The obvious thing has been brought up many times in that a president could nominate a series of judges to replace those that may resign. That could pretty easily be solved by expunging the list when the president leaves office, but it seems like it could have some other ill effects.

It would give justices a strong incentive to never retire if they didn't like the justice that was set to replace them.

The real question is if there is a solution to the problem of nominating sub par attorneys to be supreme court justices because they are both young and politically aligned with the president at the time.

Chris W

The "spare" would have almost no ability to practice law from the point of such conditional nomination on, unless they are already on the bench. Every case they took on as a lawyer would be tinged with either current ethical issues or ethical issues when they are eventually elevated. I'm not sure any right minded nominee would relish the concept of having to be the nominee-in-waiting.


I wonder if this would encourage/discourage judges from leaving based on the batter's box,.


I know it's been said, but I think I've got to echo general consensus here: even if all of a given President's in-waiting nominees were un-nominated when that president left office, it would still prove a severe imposition on the justice-in-waiting's professional practice. I do also agree that it would likely lead to a more centrist (or potentially an increasingly unbalanced) bench. But I think what bothers me most is that it seems that Justices often hold off or expedite their retirement based on the match or mismatch between their ideological leanings and those of the current President, I think having justices-in-waiting would only exacerbate this problem.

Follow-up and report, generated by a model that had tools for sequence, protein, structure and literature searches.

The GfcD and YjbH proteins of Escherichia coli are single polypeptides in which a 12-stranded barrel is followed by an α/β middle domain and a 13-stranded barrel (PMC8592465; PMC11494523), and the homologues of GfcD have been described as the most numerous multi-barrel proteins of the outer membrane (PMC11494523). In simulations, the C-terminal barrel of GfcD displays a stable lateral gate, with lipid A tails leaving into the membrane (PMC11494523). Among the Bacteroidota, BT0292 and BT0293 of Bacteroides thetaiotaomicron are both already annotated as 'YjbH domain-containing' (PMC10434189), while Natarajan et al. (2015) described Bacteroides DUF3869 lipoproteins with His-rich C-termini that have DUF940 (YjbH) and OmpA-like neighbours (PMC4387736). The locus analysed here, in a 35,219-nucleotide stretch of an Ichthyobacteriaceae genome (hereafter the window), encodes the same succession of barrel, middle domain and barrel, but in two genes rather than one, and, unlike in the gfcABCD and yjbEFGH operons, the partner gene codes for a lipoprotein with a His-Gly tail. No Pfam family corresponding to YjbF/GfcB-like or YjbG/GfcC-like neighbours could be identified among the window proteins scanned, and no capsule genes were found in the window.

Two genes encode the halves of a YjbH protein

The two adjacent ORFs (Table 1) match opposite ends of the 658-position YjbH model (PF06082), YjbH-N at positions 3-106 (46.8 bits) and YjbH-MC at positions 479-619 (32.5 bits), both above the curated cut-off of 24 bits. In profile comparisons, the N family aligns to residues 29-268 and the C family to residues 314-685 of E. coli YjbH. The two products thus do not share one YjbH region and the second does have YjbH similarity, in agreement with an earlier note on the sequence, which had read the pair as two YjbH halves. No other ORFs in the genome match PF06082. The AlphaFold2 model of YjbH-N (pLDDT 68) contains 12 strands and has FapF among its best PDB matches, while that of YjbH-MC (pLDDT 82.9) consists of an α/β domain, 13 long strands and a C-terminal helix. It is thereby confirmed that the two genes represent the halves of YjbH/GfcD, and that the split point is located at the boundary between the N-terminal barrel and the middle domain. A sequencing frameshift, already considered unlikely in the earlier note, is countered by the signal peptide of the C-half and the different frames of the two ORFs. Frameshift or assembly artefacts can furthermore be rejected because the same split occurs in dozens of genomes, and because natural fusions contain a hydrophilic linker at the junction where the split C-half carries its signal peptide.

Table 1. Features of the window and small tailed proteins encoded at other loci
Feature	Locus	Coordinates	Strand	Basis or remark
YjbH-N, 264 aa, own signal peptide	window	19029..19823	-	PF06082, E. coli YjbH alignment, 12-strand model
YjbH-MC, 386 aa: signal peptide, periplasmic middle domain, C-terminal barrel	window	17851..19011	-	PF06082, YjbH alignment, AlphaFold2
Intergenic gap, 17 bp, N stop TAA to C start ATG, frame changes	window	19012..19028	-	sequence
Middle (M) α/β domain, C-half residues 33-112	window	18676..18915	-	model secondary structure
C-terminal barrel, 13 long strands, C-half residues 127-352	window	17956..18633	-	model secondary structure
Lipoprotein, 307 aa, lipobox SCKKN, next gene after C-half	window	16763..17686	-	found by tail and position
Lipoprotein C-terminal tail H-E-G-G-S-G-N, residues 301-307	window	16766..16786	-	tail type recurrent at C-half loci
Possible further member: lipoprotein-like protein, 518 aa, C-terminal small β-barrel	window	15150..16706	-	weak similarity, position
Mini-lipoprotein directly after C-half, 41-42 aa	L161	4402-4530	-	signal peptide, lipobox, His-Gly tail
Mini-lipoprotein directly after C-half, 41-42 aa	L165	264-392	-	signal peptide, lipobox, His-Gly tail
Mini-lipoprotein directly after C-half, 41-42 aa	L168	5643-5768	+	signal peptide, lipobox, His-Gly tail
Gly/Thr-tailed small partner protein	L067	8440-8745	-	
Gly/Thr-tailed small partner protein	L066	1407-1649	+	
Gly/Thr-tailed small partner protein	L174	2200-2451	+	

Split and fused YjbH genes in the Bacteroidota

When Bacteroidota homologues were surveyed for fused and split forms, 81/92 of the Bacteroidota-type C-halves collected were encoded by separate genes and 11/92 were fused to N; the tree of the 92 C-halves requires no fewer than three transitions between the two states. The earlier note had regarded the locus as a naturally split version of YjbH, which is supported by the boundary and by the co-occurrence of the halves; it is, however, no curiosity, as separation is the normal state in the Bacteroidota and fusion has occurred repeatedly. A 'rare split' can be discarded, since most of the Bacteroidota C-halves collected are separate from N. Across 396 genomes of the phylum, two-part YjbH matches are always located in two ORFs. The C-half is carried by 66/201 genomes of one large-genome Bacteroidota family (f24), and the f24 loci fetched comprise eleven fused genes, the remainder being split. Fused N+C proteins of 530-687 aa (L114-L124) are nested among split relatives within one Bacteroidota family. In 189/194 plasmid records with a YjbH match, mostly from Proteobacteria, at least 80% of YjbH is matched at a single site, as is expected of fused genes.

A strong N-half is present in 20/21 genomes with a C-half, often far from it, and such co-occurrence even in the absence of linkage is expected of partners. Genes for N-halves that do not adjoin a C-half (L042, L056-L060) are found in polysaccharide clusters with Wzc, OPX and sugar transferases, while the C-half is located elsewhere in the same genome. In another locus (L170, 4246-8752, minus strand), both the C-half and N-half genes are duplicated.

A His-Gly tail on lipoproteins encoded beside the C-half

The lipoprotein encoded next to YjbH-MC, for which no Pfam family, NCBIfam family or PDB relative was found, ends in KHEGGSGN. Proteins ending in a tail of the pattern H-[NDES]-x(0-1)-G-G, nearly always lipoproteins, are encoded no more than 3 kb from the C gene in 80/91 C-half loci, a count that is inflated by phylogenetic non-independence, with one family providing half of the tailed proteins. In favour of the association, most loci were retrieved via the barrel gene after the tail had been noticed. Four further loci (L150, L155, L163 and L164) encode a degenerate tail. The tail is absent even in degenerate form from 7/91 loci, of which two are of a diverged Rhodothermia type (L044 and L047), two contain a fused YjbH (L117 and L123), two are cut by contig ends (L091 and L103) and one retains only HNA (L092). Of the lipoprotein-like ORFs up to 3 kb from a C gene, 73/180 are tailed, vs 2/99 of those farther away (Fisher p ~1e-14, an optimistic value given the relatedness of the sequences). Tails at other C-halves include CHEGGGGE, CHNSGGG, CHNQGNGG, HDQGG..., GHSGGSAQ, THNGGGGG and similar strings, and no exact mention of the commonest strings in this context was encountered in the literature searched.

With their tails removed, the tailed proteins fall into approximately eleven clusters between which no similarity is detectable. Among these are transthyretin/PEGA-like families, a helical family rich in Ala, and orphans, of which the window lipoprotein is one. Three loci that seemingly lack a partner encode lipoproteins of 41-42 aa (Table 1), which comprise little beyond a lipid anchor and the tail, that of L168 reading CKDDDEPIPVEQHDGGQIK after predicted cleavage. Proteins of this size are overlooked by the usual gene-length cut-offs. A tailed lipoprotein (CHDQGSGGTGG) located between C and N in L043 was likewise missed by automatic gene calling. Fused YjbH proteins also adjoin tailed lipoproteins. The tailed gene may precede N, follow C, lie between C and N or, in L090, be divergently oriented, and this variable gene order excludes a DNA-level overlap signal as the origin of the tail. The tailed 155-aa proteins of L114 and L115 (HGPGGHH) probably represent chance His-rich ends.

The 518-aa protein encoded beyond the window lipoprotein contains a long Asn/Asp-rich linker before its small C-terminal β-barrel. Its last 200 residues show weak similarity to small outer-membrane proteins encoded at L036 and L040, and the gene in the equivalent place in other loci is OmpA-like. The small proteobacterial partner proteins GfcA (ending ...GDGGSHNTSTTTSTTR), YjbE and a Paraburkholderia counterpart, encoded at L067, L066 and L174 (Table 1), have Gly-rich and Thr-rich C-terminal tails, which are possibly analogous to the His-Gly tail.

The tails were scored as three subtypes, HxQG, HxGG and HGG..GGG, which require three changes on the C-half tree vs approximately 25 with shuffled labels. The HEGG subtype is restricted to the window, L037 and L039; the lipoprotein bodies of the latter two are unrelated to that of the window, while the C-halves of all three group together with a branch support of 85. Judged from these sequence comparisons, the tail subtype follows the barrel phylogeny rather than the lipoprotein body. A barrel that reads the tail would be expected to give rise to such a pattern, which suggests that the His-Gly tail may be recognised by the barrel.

You see things that are and ask why not, I see things that are not and ask why not. Why not? Perhaps it would be that a nomination process for a nonessential role would be a tremendous distraction from other pressing issues (I might be overestimating the importance of anything Congress does with that one).

Andre Wirjo

2 main concerns on your proposal (although they have been mentioned in one way or another by others):
1) The possibility of nominated and confirmed justices not being able to take up the posts as none of the current justices resigns or dies during Obama administration. Nominated justices cannot be carried over to the next administration for obvious reason.
2) It prevents the current justices from exercising their benefits of resigning under favorable administration (conservative/ liberal)